Full Day of Educational Sessions For 53 years, the brightest scientists working on turf topics have gathered in Tifton, Ga., for the Southeastern Turfgrass Conference. The 54th event, May 1-2 at the Rural Development Center, promises to gather, like the others so far, the best expertise around. A Tour of the Test Plots A tour of the Abraham Baldwin Agricultural College turf nursery will follow. The opening day will end with dinner at the Tifton Family Golf Center. Golf turf updates on superdwarf Bermudas, equipment leasing and more. Ornamentals topics from landscape design to managing insects and diseases. Georgia Sod Producers points on water issues, pricing strategies, etc. The second day will be filled with educational sessions. In the morning, scientists from all over the Southeast will update conference-goers on everything from new research developments to mole crickets and nematodes to affordable golf. The afternoon sessions will offer three tracks: The event will begin May 1 with an informal golf outing at the Springhill Country Club. For those who prefer to learn from the start, a pesticide and equipment calibration workshop will be offered at the RDC. After registration (11:30 a.m.) and lunch, the afternoon sessions will feature a tour of the test plots at the University of Georgia Coastal Plain Experiment Station. UGA and U.S. Department of Agriculture scientists will discuss their research. A $50 fee, or $75 after April 14, will cover all costs. The May 1 dinner and both lunches will be provided. To learn more about the event, or to pre-register, contact the county Extension Service office. Or call (912) 386-3416.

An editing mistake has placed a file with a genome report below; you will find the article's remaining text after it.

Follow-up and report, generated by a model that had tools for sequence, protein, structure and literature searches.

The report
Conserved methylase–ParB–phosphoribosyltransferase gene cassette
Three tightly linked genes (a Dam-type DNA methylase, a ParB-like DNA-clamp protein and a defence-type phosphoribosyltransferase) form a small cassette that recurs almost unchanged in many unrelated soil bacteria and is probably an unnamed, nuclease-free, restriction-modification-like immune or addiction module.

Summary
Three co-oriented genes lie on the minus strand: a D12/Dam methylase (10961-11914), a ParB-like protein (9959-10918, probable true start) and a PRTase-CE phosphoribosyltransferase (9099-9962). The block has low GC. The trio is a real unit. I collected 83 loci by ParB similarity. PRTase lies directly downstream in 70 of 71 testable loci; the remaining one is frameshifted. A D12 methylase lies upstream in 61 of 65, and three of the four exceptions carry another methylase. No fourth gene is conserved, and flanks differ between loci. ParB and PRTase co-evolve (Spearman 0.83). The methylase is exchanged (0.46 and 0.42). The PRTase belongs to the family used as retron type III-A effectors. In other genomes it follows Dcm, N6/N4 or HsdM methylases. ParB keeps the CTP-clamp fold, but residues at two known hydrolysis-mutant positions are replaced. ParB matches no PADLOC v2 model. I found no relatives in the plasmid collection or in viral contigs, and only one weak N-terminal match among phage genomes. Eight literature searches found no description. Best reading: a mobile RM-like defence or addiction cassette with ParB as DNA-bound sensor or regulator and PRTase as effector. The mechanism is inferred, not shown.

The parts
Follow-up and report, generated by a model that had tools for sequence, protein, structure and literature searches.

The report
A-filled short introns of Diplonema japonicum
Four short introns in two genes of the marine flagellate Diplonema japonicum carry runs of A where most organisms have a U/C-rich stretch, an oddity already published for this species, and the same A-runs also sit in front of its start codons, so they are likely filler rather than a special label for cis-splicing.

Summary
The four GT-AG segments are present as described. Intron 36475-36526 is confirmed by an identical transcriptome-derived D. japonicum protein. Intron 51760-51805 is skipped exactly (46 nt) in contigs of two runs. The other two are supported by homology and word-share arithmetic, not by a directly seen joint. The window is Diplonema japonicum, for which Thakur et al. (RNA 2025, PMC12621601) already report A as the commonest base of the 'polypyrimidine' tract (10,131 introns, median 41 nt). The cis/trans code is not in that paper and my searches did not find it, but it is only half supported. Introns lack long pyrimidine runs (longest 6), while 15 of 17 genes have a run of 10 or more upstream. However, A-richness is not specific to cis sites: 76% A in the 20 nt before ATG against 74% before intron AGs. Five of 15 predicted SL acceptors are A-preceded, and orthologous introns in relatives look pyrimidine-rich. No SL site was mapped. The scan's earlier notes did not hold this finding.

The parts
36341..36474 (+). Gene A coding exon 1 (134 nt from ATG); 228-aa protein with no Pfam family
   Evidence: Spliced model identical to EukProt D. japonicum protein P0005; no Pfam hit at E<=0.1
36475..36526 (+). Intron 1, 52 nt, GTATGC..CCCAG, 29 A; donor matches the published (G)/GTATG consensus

The Florida Supreme Court has quashed an 11th Circuit judge’s order prohibiting insurance company staff counsel from signing pleadings using a firm-like name.But one justice said that doesn’t mean trial courts are without any authority in the matter, and the court said it was not prejudging recommendations on the issue that are coming from The Florida Bar.In an April 19 order, the court vacated orders by Judge Paul Siegel that prohibited insurance company counsel from using firm names in proceedings and filings in his court. Siegel had prohibited the lawyers from using language that implied they worked for an independent law firm if they were actually staff counsel for the company. He also ordered that independent medical experts hired by the defense could not say they were paid by the “law firm” but would have to say they were paid by the insurance company.Lawyers representing insurance companies told the courts in oral arguments in March that full disclosure was always made to clients and no one was being harmed. They also argued that Judge Siegel overstepped his authority and, in essence, created and enforced a Bar rule, thereby infringing on the Supreme Court’s authority.In their order, the justices unanimously agreed, and noted they are expecting proposals from a special Bar study commission on the issue.“We determine that these prohibitions encroach upon this court’s ultimate jurisdiction to adopt rules for the courts,” the order said.The court added: “The Florida Bar has notified this court in this proceeding that the Special Commission on Insurance Practices II has performed a comprehensive study of issues similar to those identified in Judge Siegel’s orders and that the commission will submit recommendations from the study to this court.. . . granting these petitions, we are not ruling upon any matters which may be contained within the recommendations that may be provided in that report.”In a separate concurring opinion, Justice Barbara Pariente, joined by Justice Fred Lewis, wrote that the court was not saying that disclosure of an attorney’s actual employer could never be a factor in a case. “[T]he quashing of the orders should not be interpreted to mean that a trial court is without any authority to require disclosures of a lawyers’ employment in a pretrial disclosure or as a ruling as to issues that may arise during the trial for which information regarding the attorney’s employment may be relevant,” she wrote.The Board of Governors at its March meeting accepted the recommendations from the special commission. Those included that insurance company staff counsel can use firm-like names, as long as certain conditions are met, including disclosure to clients, and there is a physical and actual separation from the remainder of the company’s operations. The commission recommended, and the board approved, amending two Bar rules to clarify those and potential conflict issues for staff counsel.Those rules could be ready to submit to the court this summer. (See story in the April 1 Bar News. ) Text of the order can be found on the Supreme Court’s Web site at the April orders page at http://www.flcourts.org/sct/clerk/disposition/2002/4/index.html. Scroll down to the orders for April 19. The lead case for the petition to the court is United Services Automobile Association v. Goodman, case no. SC01-1700. Supreme Court quashes order in firm-like name case Supreme Court quashes order in firm-like name case May 15, 2002 Regular News